By Saturday, statewide COVID-19 hospitalizations had topped 7,400, surpassing the all-time high of 7,170 set in July. Only a month earlier, on Oct. 28, there were about 2,400 people in the state’s hospitals with COVID-19.

L.A. County crossed a grim threshold on Friday, when more than 2,000 people were hospitalized with the coronavirus infection, according to state data released Saturday; just a month ago, there were 750 people in L.A. County hospitals with the virus. On Saturday, that number climbed further, to 2,185 patients. L.A. County is rapidly nearing its all-time high of COVID-19 hospitalizations of 2,232, set in July.

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Because hospitalizations reflect cases that were identified two to three weeks earlier, officials are certain they’ll continue to increase for the next two to three weeks, given the recent case numbers.

Two to three weeks ago, L.A. was seeing 2,300 to 2,500 new cases a day; now, it’s over 4,300, Ferrer said Saturday. And it’s not yet known whether gatherings over the Thanksgiving holiday will spark an even bigger increase in cases that result in still more hospitalizations.

If so, Ferrer said, “we’re in for a very rough time because we will have a surge on top of a surge.”

Coronavirus-related deaths, which tend to lag a couple of weeks behind hospitalizations, have also been on the rise.

In Los Angeles, the deaths of 30 people a day were reported on average daily from COVID-19, triple the rate from the period around election day, when the deaths of 10 people a day were reported on average daily. Just before Thanksgiving, statewide, an average of 75 deaths were reported daily over a seven-day period, nearly double the rate from mid-November, when about 40 deaths a day were reported.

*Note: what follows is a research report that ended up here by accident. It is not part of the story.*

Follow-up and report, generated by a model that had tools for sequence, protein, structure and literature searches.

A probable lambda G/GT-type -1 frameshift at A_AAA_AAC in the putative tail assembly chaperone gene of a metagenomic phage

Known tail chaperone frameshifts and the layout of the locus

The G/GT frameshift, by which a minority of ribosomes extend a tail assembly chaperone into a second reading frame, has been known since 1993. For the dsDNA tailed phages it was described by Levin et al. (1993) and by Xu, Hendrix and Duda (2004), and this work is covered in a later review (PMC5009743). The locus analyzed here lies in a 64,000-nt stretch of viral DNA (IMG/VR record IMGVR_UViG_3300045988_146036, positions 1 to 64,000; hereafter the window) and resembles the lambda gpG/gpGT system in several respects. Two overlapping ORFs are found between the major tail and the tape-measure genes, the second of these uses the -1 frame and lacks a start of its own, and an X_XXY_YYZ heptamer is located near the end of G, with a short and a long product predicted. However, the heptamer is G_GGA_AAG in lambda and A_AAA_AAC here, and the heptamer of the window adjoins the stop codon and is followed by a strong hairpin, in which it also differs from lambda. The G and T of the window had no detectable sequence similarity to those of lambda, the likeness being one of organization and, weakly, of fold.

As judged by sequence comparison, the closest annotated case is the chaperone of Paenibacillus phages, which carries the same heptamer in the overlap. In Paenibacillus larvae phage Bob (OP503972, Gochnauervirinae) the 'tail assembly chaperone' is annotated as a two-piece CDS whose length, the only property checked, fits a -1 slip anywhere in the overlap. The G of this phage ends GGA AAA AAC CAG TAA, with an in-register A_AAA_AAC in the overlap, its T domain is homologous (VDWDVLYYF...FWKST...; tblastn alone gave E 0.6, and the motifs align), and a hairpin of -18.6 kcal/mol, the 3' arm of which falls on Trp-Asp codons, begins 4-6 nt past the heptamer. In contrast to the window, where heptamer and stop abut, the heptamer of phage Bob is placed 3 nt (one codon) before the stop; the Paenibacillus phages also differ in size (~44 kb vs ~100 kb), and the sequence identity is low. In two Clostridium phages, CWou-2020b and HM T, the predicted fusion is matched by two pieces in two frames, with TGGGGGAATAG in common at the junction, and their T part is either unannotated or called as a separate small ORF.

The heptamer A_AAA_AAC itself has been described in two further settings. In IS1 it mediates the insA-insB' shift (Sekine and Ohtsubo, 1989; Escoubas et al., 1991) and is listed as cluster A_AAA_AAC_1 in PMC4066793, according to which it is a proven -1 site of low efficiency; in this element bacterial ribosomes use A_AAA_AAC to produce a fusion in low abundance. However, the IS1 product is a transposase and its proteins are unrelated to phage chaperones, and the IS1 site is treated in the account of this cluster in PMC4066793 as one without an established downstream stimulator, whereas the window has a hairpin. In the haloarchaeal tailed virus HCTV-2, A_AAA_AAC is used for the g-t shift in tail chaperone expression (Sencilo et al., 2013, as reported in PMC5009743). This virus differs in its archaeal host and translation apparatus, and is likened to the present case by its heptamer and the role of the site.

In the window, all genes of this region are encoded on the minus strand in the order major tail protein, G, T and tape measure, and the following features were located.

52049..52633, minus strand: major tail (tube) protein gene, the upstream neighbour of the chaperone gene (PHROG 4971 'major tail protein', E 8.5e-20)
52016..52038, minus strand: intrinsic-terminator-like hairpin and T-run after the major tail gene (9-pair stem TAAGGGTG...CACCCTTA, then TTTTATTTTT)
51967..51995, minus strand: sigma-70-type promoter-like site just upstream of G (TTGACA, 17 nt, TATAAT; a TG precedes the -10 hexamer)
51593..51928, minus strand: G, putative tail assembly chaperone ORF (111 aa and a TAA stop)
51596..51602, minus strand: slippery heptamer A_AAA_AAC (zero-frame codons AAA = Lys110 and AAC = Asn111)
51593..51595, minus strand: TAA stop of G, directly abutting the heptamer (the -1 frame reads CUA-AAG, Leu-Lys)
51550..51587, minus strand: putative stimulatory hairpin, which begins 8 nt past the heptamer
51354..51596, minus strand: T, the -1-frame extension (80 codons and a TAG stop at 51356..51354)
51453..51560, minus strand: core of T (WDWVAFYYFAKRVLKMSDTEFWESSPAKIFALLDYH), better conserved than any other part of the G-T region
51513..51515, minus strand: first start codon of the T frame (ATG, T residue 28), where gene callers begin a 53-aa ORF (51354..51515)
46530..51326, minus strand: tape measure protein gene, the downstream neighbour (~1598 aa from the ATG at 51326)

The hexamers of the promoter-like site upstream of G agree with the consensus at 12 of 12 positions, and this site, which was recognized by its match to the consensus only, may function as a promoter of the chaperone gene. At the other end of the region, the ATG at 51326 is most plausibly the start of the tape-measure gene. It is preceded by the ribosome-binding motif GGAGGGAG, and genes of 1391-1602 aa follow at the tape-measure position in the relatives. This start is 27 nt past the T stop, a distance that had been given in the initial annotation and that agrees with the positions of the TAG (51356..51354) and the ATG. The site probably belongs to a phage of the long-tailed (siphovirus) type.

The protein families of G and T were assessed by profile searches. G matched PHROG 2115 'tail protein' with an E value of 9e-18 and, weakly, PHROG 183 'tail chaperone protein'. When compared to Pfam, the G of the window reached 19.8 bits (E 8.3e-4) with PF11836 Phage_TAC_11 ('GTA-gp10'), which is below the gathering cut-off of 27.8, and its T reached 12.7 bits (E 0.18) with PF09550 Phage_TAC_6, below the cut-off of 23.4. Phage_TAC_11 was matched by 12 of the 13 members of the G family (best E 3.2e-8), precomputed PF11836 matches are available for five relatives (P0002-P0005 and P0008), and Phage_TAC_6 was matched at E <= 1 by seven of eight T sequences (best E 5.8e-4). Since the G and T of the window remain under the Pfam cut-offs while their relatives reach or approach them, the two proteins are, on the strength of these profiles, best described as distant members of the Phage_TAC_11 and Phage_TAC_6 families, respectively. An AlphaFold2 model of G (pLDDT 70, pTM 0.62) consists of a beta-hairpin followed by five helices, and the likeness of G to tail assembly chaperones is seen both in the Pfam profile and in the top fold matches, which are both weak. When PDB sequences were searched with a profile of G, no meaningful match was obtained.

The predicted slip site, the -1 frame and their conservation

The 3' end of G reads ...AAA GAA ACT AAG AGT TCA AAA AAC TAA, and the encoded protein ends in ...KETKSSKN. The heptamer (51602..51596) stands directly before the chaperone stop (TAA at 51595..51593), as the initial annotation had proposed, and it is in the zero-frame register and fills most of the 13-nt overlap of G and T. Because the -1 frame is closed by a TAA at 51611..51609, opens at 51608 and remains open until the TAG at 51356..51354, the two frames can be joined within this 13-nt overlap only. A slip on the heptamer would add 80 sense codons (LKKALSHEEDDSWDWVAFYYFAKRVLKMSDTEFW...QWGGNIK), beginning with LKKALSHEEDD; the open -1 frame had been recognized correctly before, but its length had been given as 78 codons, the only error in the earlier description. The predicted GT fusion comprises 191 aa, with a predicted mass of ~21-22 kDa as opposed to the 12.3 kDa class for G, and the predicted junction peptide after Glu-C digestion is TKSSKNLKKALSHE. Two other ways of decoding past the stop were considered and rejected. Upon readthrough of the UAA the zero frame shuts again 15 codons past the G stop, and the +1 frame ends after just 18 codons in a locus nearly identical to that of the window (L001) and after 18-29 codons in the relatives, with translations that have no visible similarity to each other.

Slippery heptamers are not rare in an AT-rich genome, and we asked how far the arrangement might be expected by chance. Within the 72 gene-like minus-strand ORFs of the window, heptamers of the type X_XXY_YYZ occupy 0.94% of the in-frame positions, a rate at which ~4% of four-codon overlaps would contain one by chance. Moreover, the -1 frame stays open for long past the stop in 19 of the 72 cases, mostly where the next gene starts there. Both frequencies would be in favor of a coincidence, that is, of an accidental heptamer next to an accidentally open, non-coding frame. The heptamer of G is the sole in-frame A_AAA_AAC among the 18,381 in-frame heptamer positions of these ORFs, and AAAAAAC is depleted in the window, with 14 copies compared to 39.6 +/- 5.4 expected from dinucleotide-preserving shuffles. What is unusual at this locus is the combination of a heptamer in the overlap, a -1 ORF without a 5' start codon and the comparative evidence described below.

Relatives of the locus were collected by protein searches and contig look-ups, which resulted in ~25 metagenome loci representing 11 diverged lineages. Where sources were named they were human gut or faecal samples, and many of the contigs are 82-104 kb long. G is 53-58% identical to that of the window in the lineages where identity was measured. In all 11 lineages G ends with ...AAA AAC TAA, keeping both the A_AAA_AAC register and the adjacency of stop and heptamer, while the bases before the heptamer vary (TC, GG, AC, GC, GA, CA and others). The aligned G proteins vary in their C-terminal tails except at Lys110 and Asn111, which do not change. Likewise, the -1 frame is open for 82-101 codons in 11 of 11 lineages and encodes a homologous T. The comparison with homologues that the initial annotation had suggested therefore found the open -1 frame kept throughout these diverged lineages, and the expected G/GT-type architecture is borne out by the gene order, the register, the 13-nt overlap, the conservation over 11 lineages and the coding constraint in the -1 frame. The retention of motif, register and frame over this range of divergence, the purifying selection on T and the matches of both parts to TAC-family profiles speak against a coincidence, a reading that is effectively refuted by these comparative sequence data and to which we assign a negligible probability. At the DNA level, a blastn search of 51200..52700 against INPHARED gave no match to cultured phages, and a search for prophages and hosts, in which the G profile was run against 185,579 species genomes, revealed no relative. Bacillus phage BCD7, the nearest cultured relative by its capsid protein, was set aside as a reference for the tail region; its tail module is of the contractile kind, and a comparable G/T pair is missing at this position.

An influential model run by the University of Washington Institute for Health Metrics and Evaluation says that, without major changes in current policies or behavior, California is on track to double its cumulative death toll by the end of winter, from the current tally of more than 19,000 to more than 37,000 by March 1.

It’s still possible to change that trajectory, said Anne Rimoin, professor of epidemiology at the UCLA Fielding School of Public Health.

“Every illness, hospitalization and death at this point is avoidable, if we all do our part,” she said.

That includes wearing face coverings, washing hands frequently and keeping six feet apart from others.

The new rules recently announced by the county should also help because they reduce the probability of people mingling, especially in environments where they might let their guard down, Rimoin said.